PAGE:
Here’s looking at you, kids: An international perspective on youth unemployment
29 January 2013
Europe is facing a crisis of youth unemployment according to Mr. Stefano Scarpetta, Deputy Director of Employment, Labour, and Social Affairs at the OECD, at a recent conference organised by The Work Foundation. Despite some recent progress, youth unemployment is too high and falling too slowly. Given the well-documented costs to the individual (wage scarring, welfare dependency, mental and physical health) and to society (wasted potential, lower productivity, public finance drain), it’s not surprising that supporting unemployed young people into work is a priority for governments across Europe.
A new report from The Work Foundation, International Lessons: Youth unemployment in the global context, draws on in depth case-studies of four countries to suggest what a robust policy response could look like in the UK. Germany, which has the lowest youth unemployment rate across Europe (it has actually fallen since the start of the recession), has put apprenticeships front and centre. Their highly successful dual apprenticeship system provides high quality training, excellent corporate links and recognised, well-regarded qualifications, and is an excellent model of how to provide young people with the skills they need in the labour market.
One country taking note is Scotland. At the conference, Ms Angela Constance, Minister for Youth Employment in Scotland, explained how Holyrood’s youth employment strategy is fostering closer links between education and work. 2012 saw 26,427 apprenticeship places delivered, and the status as fully employed has helped turn short term training into sustainable jobs. Ms Constance also outlined how the creation of her role just over a year ago – the first of its kind in the UK – has given an unrelenting focus on getting young people into work. It’s now a standing item at cabinet meetings, and Ms Constance has been able to mobilise resources and work across government to deliver results.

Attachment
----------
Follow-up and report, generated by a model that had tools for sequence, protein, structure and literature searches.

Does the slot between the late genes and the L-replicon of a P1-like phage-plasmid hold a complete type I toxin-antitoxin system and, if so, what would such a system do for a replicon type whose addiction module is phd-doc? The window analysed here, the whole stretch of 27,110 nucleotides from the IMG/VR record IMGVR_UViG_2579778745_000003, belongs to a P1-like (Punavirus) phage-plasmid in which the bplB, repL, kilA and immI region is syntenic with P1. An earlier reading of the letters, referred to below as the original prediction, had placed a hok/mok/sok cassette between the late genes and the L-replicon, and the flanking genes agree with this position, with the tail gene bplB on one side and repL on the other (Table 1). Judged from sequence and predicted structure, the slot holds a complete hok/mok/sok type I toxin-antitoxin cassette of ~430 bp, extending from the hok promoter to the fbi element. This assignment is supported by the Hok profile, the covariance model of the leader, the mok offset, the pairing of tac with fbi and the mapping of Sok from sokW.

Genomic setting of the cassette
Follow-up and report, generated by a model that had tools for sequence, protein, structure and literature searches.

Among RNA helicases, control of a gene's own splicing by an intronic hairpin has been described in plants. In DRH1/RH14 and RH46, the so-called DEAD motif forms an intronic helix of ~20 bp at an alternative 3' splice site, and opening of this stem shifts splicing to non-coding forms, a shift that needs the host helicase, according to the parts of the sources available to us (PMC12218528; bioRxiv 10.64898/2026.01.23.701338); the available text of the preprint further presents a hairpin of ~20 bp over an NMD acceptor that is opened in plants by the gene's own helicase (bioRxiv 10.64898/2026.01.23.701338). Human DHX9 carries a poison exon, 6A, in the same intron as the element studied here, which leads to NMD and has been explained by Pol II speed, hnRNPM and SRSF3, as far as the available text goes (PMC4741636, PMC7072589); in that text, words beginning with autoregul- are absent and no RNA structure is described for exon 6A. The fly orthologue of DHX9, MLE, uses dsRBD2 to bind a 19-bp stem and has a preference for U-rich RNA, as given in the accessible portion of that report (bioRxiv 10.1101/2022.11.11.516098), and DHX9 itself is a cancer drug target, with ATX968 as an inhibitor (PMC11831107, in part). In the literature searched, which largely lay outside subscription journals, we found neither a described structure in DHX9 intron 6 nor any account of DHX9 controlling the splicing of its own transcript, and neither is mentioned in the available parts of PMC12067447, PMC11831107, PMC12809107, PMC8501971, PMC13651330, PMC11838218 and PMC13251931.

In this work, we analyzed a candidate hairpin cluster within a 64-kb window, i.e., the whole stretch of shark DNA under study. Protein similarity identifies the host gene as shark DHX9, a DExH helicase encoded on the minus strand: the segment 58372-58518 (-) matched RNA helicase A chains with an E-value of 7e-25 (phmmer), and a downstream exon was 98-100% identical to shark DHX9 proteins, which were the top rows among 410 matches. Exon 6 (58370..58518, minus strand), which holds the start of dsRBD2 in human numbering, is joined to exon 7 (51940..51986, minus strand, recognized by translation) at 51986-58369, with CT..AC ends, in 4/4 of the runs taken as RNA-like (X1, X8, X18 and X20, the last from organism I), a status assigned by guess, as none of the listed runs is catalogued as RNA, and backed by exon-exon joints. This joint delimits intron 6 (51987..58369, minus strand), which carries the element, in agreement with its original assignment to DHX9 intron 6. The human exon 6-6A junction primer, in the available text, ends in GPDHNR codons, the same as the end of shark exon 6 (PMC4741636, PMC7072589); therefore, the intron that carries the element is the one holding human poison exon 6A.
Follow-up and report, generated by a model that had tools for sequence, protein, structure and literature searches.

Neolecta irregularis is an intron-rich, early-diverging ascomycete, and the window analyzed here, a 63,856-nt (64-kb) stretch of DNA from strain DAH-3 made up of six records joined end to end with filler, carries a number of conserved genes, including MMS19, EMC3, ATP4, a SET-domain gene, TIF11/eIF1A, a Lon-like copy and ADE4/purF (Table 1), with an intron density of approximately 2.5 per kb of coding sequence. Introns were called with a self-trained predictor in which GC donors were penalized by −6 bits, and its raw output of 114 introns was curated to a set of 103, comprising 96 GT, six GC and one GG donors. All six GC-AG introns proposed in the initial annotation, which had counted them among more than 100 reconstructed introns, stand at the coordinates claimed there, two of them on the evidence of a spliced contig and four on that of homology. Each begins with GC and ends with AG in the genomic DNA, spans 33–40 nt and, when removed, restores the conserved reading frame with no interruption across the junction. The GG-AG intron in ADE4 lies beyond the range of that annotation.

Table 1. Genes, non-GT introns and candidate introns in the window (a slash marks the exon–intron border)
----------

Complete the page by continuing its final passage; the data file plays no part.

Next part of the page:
Ms Joanneke Balfoot, Head of Economics at the Dutch Embassy, spoke about the vital role Netherland’s Universities of Applied Sciences have played in bringing down the youth unemployment rate there. The prestige of a technical education encourages young people to see it as an attractive and viable route into meaningful work. Ms Balfoot also argued that Netherland’s increasing focus on preventing school drop outs would help bring youth unemployment down even further. Having found strong evidence that children who completed school fared better in the labour market, the government is throwing its weight behind programmes to keeping them in school. This might look promising for the imminent rise of the compulsory participation age in the UK, but Mr Scarpetta rightly warned against presuming that this would solve the problem – rather, he said, it might simply kick it down the road.
All were agreed, though, that a holistic provision of services was crucial, and that early intervention had an important role to people in returning people to work. The Danish system, which focuses on reintegrating young people into education, is especially relevant in the current low-growth climate – by building the skills and confidence of those out of work, it ensures they are in an excellent position to capitalise when growth returns.
The UK could clearly benefit from drawing on the experience of its European neighbours such as engaging large employers in apprenticeships, and increasing their academic content; intervening as soon as young people drop out of education or work; enabling (and funding) local authorities to deliver a holistic, wrap around service. These are all practical measures that would help support those struggling to find their way in an increasingly complicated and competitive labour market. Done well, they could not only have a significant immediate impact, but help the UK move to an economy where young people start their working lives with the skills, knowledge and support they need to thrive.